Nathan Horton has heard it all too many times.
He’s overrated. Injury-prone. Not worth the risk. A needless investment.
Horton’s history of concussions – two in the last two seasons – and an assortment of other injuries have placed question marks upon his value. Another concussion is the worst-case scenario.
His shoulders have received the same amount of heat in recent years. Since 2006, Horton has suffered from at least three major shoulder injuries.
And each one of those shoulder injuries has caused serious concern.
A recent report from D.J. Bean of Boston’s WEII suggests the Bruins forward suffers from a chronic left shoulder subluxation.
That same report notes that Horton is expected to require offseason surgery to “tighten the socket so the shoulder stays in place.”
Horton is set to become an unrestricted free agent on July 5. At the moment, Horton has a salary of $5.5 million with a cap hit of $4 million thanks to a pro rated, back-loaded contract. Can that really increase with the league salary cap set to decrease by 10 percent?
There’s no doubt Horton has been one of Boston’s top players in the 2013 Stanley Cup playoffs. Due to his recent play, Horton is set to become one of the NHL’s top UFAs this summer.
But how will his history of injuries affect his free agent value?
The salary Horton is currently making is about right. His playoff performance will most likely push his value beyond what it would have been in a normal season. But he’ll make even more cash because of a somewhat confusing pool of free agents.
Names such as David Clarkson, Stephen Weiss, Pascal Dupuis, and Jarome Iginla are all going to be up for grabs. Except for the fact that they won’t be up for grabs for everybody. Dupuis and Iginla are likely to stay in Pittsburgh, Clarkson will receive a huge bonus, and Weiss has an injury history of his own to worry about.
A salary of somewhere around $6 – 6.5 million on average would be fair. The only problem restricting a high number will be Horton’s shoulders.
The problem of course is that once you’ve had one injury in which you’ve dislocated (or subluxed) your shoulder, you’re very likely to do it again. The other problem is that nonsurgical management isn’t a great solution for someone who needs a working shoulder and uses it for hockey things like slamming into people and taking shots. The other other problem is if you’re a UFA you probably don’t have time for a six month recovery unless you’ve kicked so much playoff ass that your team can’t help but re-sign you.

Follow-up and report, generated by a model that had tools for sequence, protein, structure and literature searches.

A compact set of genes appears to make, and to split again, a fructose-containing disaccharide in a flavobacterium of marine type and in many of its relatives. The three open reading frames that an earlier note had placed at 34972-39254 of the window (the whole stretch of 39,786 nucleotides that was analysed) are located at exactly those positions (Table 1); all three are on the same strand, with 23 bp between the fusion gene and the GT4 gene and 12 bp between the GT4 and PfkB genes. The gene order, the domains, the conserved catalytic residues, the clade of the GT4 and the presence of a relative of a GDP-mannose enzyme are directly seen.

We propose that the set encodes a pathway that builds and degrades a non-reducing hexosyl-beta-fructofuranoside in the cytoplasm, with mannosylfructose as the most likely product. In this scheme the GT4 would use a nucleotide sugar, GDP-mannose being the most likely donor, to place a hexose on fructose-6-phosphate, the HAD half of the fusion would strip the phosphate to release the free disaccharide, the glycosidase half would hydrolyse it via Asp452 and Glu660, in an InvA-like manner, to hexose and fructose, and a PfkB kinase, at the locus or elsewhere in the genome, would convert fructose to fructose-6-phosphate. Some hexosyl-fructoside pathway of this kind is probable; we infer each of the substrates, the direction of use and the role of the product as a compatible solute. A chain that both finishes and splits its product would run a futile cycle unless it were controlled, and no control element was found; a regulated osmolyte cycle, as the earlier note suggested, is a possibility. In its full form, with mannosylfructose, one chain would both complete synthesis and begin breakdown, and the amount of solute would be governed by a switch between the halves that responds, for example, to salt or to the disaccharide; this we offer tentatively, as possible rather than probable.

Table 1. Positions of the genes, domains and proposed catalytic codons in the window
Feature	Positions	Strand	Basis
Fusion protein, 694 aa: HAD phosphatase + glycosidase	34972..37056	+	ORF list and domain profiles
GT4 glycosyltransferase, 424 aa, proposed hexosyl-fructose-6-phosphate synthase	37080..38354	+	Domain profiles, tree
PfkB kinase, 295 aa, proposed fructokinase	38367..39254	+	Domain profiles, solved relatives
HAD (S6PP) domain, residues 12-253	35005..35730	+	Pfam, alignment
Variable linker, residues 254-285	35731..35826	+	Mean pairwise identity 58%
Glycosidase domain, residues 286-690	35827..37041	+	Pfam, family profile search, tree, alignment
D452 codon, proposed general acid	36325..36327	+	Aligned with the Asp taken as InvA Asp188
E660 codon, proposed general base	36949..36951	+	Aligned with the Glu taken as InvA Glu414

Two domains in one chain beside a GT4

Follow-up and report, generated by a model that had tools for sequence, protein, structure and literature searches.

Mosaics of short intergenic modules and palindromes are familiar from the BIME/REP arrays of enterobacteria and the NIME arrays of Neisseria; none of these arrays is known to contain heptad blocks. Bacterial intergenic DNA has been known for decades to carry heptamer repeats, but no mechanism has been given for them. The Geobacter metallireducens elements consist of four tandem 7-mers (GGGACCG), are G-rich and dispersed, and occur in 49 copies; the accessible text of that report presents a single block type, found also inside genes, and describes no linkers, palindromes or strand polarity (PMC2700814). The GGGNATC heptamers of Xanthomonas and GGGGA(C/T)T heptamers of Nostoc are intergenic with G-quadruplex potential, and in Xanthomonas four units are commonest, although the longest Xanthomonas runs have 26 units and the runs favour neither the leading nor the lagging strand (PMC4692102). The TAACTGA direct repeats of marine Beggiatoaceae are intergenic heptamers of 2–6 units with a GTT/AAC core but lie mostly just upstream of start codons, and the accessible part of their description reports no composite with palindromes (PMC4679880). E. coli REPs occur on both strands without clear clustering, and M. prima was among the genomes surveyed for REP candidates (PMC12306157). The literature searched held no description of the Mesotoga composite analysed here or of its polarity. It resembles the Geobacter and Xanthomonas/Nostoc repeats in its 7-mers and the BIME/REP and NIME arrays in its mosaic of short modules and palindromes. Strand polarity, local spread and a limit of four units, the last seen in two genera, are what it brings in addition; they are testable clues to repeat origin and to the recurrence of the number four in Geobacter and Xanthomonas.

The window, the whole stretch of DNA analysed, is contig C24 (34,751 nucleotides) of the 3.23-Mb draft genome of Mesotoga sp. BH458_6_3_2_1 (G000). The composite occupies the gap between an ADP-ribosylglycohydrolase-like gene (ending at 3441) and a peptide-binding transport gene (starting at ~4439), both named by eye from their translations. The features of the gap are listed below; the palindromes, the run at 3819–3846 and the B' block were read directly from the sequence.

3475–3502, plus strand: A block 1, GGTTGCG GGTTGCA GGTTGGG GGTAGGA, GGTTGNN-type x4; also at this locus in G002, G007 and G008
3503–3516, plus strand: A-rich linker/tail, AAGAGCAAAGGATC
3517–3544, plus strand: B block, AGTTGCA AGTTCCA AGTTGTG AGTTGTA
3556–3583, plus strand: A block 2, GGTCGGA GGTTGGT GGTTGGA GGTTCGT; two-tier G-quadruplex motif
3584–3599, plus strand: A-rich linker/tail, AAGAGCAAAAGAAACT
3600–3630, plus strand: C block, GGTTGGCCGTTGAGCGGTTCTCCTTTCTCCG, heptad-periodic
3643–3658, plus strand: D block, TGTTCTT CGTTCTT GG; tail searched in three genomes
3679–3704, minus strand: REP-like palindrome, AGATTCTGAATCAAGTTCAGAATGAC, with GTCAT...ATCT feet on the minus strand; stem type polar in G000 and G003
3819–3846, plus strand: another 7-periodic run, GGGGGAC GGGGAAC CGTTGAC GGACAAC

Horton is a Boston kind of player. Take that meaning however you please, but Horton’s toughness and push-through-it attitude have endeared him to hockey fans everywhere.
“When you look at the Stanley Cup, what it means to you, there’s no doubt you don’t want to be denied that opportunity [to play], said Bruins coach Claude Julien. “Players are tough in this sport. They’ll play through a lot. There’s some on both teams right now. You’ll find out more when the series is over.”
Finding out more is exactly what Horton won’t necessarily want to hear. Horton doesn’t want to know that his future as a pro hockey player is very much in jeopardy; he doesn’t want to know how much his value will be determined by dislocations.
Horton’s plus-minus rating has been tops among NHLers for a good chunk of the postseason. Statistically, Horton can be a premier free agent.
The sad truth is that one more concussion jeopardizes his career, one more serious shoulder dislocation will put him on the shelf for more time than it usually would.
Dollars and cents don’t have feelings. A salary wants to be bigger than everyone else’s, but it has no control over executives’ confidence.
“I’m not even worried about my head,” Horton said earlier this season. “I’m not worried about being in contact or getting in a fight or anything like that.”
Horton should be concerned for his own health, but at this point in his career, he knows the time is now to make his mark. The Welland, Ontario native has already shown he can play tough, play with fire, and push fear to the back of his mind.
All Horton’s looking for now is someone else’s mind to place trust in his value.
Injuries are a different story in the playoffs. At the moment, they’re a mere backstory if your name isn’t Patrice Bergeron or Jonathan Toews.
Once the Final concludes, Horton’s shoulder injuries will slowly rise out of the shadows. Offseason surgery severely cuts his monetary value. But Horton’s on-ice value is what counts most.
Everyone knows he has problems. Horton’s value now depends on how badly someone else views them.
David O’Connor is a managing editor with the Sunbelt Hockey Journal. His writing has been on the Los Angeles Times’ website, among other places. O’Connor also does some scouting work for the local Junior B hockey club. Please feel free to contact him at firstname.lastname@example.org.